On September 8, 2003, a former IRS Special Agent was sentenced in the Central District of California for concealing and covering up his association with prostitutes, the theft of his law enforcement vehicle, and production of sexually explicit depictions of a minor.  The former IRS Special Agent filed a false Security Incident Report with both TIGTA and the IRS concealing the true facts surrounding the theft of his law enforcement vehicle.  The former IRS Special Agent also lied under oath on numerous occasions to TIGTA investigators about the theft of his law enforcement vehicle, his involvement with prostitutes, and his prior misrepresentation of himself as a Federal Bureau of Investigation agent. The former IRS Special Agent was sentenced to 63 months in federal prison and three years supervised release and ordered to pay a $200 special assessment, to undergo sex offender counseling, and to register as a sex offender upon release from prison.

Individual Sentenced for Providing Uncertified Bomb Detection Dogs to IRS 

On September 8, 2003, an individual was sentenced in the Eastern District of Virginia for wire fraud and submitting false claims to get business from U.S. Government agencies.  The individual provided bomb detection dogs that failed explosive detection tests on several occasions and made a series of false statements about the qualifications of the dogs and the handlers to get business from U.S. Government agencies.  The individual was ordered to pay more than $708,000 in restitution and was sentenced to 78 months imprisonment and three years supervised release upon completion of the individual’s prison sentence.

IRS Contractor Pays $95,000 to the United States Government in Settlement Agreement

On August 6, 2003, an IRS contractor who provided security services for IRS facilities reached a settlement agreement with the U.S. Government to pay $95,000 to settle allegations of violations of the False Claims Act. The contractor presented claims for payment for security services when the contractor knew the corporation was in default under the contract and unable to provide the licensed security services required under the contract.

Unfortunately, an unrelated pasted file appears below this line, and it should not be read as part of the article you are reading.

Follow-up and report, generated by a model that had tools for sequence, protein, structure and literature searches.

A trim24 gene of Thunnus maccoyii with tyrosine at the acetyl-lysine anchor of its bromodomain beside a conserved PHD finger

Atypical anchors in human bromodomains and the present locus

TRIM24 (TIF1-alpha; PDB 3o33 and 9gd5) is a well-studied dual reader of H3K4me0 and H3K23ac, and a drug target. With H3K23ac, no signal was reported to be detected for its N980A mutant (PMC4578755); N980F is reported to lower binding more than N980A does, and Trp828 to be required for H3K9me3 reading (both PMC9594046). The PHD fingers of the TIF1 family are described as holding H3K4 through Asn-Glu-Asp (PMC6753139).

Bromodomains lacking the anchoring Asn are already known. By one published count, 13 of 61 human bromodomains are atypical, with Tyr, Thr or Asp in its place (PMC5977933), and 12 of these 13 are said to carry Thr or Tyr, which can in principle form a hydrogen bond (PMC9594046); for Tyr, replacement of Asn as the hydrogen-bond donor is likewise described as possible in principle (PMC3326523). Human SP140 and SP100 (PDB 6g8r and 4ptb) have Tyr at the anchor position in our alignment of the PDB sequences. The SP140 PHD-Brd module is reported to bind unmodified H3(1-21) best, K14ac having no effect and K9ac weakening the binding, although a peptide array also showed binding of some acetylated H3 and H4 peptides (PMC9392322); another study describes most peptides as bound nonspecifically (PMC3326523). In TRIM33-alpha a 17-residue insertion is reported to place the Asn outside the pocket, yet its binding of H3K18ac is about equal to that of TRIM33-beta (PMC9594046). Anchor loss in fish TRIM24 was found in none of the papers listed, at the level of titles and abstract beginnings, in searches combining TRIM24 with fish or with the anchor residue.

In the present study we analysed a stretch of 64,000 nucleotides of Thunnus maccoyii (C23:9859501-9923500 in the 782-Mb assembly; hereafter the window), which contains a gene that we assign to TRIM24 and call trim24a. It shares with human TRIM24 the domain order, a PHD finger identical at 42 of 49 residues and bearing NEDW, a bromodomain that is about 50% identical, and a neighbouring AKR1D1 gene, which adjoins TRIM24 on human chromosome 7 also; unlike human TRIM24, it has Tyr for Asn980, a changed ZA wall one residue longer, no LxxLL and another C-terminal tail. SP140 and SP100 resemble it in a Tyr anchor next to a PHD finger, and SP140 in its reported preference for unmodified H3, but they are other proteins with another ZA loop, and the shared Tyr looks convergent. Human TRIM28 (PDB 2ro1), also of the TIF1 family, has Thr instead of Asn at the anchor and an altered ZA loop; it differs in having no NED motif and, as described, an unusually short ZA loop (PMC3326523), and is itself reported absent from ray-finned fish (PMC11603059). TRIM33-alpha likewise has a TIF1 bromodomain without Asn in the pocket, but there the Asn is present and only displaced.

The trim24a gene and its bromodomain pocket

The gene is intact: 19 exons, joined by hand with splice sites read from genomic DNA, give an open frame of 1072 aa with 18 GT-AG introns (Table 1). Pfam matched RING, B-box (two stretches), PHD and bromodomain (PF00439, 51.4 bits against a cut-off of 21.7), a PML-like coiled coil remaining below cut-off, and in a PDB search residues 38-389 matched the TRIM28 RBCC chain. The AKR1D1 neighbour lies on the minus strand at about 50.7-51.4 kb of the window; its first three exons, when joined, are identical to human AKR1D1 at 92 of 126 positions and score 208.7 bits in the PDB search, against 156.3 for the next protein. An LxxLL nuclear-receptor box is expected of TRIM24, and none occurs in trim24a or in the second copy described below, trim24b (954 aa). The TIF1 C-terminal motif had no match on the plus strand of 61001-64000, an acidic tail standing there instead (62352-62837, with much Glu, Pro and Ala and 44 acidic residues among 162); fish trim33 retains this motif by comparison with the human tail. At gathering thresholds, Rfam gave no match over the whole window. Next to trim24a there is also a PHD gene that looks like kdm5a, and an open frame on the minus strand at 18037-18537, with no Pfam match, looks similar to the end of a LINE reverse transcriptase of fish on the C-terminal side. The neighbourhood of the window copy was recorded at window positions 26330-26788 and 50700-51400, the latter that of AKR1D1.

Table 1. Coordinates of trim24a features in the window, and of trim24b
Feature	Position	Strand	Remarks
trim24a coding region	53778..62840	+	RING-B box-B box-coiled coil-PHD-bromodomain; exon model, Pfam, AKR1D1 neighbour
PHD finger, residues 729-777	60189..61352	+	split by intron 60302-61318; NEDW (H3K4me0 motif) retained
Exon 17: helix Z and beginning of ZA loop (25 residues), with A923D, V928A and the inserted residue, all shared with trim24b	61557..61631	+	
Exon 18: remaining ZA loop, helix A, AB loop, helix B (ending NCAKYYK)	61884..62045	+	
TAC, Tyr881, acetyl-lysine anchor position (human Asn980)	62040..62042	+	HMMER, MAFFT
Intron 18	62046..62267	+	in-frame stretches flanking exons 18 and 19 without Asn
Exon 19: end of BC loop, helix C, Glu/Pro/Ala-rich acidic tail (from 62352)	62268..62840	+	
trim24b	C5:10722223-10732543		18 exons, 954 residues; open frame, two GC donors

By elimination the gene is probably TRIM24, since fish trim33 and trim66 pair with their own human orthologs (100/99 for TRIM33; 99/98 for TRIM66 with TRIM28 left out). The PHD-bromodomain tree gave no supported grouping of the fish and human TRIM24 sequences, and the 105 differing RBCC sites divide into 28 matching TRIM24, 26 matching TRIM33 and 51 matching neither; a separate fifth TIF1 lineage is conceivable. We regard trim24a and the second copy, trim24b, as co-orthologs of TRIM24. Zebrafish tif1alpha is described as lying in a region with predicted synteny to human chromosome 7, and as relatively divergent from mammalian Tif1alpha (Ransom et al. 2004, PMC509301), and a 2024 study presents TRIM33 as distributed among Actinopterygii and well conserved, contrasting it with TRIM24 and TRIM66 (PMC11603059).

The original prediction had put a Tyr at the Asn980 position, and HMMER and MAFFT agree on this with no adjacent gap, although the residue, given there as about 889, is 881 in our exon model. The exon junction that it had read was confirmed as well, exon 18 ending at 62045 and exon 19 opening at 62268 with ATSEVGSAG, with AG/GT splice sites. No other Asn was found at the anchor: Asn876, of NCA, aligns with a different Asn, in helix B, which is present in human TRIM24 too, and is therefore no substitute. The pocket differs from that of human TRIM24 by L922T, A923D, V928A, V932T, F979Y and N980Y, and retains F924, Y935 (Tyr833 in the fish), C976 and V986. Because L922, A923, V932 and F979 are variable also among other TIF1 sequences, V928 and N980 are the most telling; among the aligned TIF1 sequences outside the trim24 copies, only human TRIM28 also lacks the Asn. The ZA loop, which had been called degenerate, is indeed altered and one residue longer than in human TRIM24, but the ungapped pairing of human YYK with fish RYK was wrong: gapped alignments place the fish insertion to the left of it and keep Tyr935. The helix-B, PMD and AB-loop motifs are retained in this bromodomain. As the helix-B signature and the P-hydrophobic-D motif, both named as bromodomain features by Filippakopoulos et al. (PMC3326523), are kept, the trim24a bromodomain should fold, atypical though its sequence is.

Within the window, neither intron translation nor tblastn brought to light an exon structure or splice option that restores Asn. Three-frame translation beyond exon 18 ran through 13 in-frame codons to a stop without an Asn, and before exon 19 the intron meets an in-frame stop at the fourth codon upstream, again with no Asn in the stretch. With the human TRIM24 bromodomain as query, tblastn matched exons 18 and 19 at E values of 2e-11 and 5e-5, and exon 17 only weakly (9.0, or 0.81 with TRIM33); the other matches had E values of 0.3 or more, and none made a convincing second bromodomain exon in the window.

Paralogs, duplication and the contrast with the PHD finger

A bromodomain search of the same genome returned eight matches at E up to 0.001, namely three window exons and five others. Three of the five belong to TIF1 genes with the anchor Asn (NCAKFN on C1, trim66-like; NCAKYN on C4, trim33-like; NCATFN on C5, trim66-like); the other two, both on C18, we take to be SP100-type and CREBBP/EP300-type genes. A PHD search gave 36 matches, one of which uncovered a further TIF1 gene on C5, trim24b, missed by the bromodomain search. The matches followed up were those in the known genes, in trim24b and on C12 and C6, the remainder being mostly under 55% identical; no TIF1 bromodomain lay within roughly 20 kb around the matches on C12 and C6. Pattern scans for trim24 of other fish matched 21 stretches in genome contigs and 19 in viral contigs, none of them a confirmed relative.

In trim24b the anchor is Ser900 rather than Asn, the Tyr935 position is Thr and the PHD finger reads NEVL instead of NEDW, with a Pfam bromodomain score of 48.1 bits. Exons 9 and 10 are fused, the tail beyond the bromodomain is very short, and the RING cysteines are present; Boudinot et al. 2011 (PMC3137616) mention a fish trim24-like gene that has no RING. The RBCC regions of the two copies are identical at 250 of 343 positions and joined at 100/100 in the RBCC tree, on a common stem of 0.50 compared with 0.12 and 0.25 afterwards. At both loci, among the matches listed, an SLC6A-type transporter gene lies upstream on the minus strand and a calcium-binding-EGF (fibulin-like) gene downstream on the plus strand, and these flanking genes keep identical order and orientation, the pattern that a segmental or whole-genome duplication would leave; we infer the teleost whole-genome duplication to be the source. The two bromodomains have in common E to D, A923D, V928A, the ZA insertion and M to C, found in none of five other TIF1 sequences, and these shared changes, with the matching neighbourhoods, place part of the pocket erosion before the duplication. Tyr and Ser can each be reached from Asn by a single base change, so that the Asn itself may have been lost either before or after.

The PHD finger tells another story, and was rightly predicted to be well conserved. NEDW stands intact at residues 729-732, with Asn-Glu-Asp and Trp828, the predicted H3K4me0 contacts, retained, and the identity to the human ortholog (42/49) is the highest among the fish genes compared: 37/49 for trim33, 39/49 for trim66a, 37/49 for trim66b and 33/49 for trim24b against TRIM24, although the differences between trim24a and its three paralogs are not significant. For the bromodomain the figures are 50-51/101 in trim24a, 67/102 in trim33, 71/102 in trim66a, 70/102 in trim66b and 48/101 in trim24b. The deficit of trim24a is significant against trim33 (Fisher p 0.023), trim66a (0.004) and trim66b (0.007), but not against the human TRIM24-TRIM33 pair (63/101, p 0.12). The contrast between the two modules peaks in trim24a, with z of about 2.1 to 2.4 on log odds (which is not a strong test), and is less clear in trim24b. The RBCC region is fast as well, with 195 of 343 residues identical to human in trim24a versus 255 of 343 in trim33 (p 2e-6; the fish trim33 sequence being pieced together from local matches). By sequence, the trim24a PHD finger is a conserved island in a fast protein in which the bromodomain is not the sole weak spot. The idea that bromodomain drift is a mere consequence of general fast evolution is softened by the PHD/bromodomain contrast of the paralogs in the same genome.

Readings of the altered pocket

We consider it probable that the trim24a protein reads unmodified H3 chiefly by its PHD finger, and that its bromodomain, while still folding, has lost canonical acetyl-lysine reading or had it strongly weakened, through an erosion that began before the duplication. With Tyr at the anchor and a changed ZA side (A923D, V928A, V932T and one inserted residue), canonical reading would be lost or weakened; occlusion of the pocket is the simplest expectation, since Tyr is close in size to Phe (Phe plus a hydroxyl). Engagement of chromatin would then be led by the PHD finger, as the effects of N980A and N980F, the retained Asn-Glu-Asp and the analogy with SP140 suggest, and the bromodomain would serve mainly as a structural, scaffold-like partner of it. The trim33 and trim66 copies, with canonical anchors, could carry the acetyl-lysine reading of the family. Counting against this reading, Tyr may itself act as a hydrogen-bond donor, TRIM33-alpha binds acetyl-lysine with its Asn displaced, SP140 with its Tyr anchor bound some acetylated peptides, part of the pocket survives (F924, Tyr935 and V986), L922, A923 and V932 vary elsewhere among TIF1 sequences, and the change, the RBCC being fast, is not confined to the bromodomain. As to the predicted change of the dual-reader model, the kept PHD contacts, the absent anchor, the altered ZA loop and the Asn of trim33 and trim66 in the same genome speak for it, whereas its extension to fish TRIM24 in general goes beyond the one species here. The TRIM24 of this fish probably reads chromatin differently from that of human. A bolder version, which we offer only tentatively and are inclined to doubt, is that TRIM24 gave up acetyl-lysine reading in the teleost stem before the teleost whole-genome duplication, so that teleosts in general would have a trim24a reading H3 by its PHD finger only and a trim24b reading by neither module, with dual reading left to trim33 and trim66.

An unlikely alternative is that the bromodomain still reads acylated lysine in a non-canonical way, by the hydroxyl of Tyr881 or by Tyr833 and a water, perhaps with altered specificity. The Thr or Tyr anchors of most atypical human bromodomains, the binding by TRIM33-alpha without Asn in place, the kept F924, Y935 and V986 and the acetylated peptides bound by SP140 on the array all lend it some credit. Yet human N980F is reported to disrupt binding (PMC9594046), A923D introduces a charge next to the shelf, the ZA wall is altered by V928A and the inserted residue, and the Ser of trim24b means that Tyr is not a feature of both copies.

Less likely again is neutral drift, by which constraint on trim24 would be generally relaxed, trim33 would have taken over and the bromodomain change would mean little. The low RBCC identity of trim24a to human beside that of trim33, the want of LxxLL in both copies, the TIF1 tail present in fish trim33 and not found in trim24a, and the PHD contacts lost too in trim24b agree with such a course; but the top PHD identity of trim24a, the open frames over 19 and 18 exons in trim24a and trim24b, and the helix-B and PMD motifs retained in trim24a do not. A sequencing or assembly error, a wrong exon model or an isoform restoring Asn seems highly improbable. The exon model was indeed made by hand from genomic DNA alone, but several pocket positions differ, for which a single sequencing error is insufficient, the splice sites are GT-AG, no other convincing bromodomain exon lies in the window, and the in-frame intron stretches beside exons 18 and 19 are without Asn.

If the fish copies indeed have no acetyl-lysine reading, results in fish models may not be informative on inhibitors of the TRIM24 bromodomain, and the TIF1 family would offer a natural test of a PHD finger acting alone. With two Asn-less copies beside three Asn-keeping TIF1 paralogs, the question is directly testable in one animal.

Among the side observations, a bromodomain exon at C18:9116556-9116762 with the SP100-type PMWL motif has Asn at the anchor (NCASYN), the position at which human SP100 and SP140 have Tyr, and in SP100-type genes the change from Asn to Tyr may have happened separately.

Former IRS Contract Employee Indicted for Stealing Approximately $127,000 from an IRS Lockbox Facility

On September 17, 2003, a former IRS contract employee was indicted in the Northern District of Texas for stealing tax remittance checks from the IRS Dallas Lockbox. The individual worked as a contract employee at the IRS Dallas Lockbox, where he allegedly stole more than $127,000 in tax remittance funds sent to the IRS.

Former IRS Employee Sentenced for Preparing Fraudulent Income Tax Returns and Unauthorized Access of IRS Computer Records 

On September 29, 2003, a former IRS employee was sentenced in the Eastern District of California for fraud and related activity in connection with computers, aiding and assisting in the preparation of fraudulent income tax returns, and making and subscribing a false income tax return. The former employee accessed, without authorization, electronically stored taxpayer records and prepared false income tax returns for her and other individuals for a fee.  The tax returns were prepared in order for the former employee and others to defraud the IRS of monies by falsely claiming the Earned Income Tax Credit and receiving refunds. As a result, the U.S. Government incurred a loss of over $40,000.  The former employee was sentenced to four months imprisonment, one year supervised release, $24,276 in restitution, and a $450 special assessment fee.

Former IRS Employee Sentenced for Unauthorized Access and Altering Taxpayer Records

On July 21, 2003, a former IRS employee was sentenced in the District of Kansas with intent to enable another person to defraud the United States.  The former employee accessed, without authority, taxpayer information and abated tax assessments due the U.S. in excess of $55,000, thus causing the taxpayer to defraud the U.S. The former employee was sentenced to five months in federal prison, two years supervised release, and ordered to pay a special assessment of $300.